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Old Posted Feb 12, 2021, 5:47 PM
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Why Women are Poorly Served by the Hub and Spoke Public Transport in English Cities

Why Women are Poorly Served by the Hub and Spoke Public Transport Model in English Cities


January 31, 2021

By Joe Peach

Read More: https://thisbigcity.net/women-poorly...ngland-cities/

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The hub and spoke public transport model found in most English cities provides direct, linear public transport routes connecting outer areas to a central hub. Arguments for this approach include that it requires fewer buses and is more cost effective than connecting every node individually. The desire or need to travel into urban centres from outer areas is representative of a societal norm where employment and recreational hubs are more likely to be in central areas and where housing is typically outside those areas. Hub and spoke networks typically run more services during commuting periods, getting people in and out of a central area and therefore better supporting a 9-5 working structure.

- The drawback of hub and spoke approaches is that bus users with mobility needs beyond moving between inner and outer urban areas at peak commuting times experience worse service. This mobility need is more likely to be experienced by women. --- Women are more likely to take shorter public transport trips than men, take multiple journeys as part of a larger route (‘chain trips’), travel for non-work reasons, and travel off-peak. Much of this can be attributed to societal roles. Women are more likely than men to take children to school, undertake household management tasks, and undertake care work. Women are more likely to spend time in part-time or lower-paid work and have lower incomes than men. Women are therefore more at risk of transport poverty – where journeys are unviable due to income, cost and availability. --- In England in 2017, a third more women than men traveled by bus. With public transport users in the lowest income group three times more likely to be bus users than public transport users in the highest income group, bus service operations disproportionately affect women. By definition, a hub and spoke model does not prioritise circular or circumference routes which connect outer areas with each other. With factors such as school and caring locations creating unique mobility needs for many women, the linear rigidity of a hub and spoke approach is not supportive.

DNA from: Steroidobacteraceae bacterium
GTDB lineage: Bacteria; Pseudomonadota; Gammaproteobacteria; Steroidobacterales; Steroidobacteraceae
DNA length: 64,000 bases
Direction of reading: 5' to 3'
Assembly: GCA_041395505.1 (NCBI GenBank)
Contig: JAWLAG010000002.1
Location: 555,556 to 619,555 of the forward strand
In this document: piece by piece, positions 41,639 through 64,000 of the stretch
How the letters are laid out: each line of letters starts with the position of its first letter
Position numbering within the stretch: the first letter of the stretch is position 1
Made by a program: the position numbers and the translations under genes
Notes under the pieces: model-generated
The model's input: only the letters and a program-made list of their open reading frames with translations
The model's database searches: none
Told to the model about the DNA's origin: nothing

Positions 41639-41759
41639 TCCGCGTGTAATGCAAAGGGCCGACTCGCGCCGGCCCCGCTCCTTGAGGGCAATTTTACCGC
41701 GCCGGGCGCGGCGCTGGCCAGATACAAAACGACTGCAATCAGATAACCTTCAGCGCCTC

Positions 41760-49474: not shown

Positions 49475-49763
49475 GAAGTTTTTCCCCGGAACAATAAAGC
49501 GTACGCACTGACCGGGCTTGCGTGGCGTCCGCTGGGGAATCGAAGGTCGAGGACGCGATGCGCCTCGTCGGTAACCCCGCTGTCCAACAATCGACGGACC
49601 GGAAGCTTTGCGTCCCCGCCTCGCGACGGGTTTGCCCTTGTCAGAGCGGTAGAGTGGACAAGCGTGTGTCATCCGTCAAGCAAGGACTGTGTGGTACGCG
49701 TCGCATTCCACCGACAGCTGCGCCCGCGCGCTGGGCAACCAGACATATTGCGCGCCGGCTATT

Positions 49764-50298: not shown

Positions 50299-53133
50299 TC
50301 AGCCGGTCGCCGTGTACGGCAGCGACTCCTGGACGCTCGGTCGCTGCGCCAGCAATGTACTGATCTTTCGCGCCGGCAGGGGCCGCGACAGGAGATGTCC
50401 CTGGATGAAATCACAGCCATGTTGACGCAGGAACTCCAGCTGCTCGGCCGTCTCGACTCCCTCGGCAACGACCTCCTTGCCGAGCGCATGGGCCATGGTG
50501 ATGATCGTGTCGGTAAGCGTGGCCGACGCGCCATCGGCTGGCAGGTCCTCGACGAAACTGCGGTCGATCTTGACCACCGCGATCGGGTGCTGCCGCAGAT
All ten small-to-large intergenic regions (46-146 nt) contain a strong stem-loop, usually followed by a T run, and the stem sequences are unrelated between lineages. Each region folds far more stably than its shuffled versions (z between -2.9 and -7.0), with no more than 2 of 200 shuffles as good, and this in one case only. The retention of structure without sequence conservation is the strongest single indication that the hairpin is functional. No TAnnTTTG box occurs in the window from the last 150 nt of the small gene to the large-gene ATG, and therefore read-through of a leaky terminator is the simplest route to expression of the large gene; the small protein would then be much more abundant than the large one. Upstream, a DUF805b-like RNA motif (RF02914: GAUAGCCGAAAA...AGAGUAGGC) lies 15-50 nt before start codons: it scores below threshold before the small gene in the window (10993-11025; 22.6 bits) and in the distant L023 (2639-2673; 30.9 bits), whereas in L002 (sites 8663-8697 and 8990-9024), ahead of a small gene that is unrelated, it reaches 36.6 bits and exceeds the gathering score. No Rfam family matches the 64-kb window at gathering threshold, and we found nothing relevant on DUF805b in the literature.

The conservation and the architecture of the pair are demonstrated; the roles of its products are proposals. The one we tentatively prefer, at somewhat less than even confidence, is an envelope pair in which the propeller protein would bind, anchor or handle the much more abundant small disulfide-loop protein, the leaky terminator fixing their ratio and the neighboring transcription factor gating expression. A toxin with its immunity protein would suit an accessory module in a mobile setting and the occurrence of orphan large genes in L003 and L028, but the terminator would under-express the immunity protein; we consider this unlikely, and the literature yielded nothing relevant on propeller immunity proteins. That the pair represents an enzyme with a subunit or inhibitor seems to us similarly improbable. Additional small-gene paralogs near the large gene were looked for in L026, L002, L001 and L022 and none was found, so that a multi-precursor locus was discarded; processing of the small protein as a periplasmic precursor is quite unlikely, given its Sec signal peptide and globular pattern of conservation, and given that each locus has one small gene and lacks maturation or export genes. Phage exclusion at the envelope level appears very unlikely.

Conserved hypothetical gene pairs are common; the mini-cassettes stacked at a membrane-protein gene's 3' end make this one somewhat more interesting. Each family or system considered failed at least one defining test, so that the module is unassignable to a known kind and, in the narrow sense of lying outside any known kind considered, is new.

- Bus services were deregulated and privatised across the UK during the 1980s. Services in English cities are today run by independent operators on certain routes, with freedom to change timetables, stops and other factors without consultation. While privatisation was intended to increase services through competition, in most instances this did not materialise. The need for profitability therefore influences operations, with unprofitable bus routes deemed socially necessary subsidised by local authorities. However, these have been impacted by austerity measures, with Local Authority funding for buses across England cut by 46% between 2010 and 2018. Outside of the English capital of London, which has a scale and density that makes a mesh-like bus network viable, thousands of routes have been lost. --- The dominance of financial consideration within a social service like public transport is an example of neoliberal thinking, prioritising free markets over government intervention. The lack of social consideration evident in neoliberal thinking could be seen as the reason for a public transport service which prioritises the hub and spoke operational model. The less uniform, predictable mobility requirements typical of women does not provide a predictable mass of bus users and is therefore not economically compelling.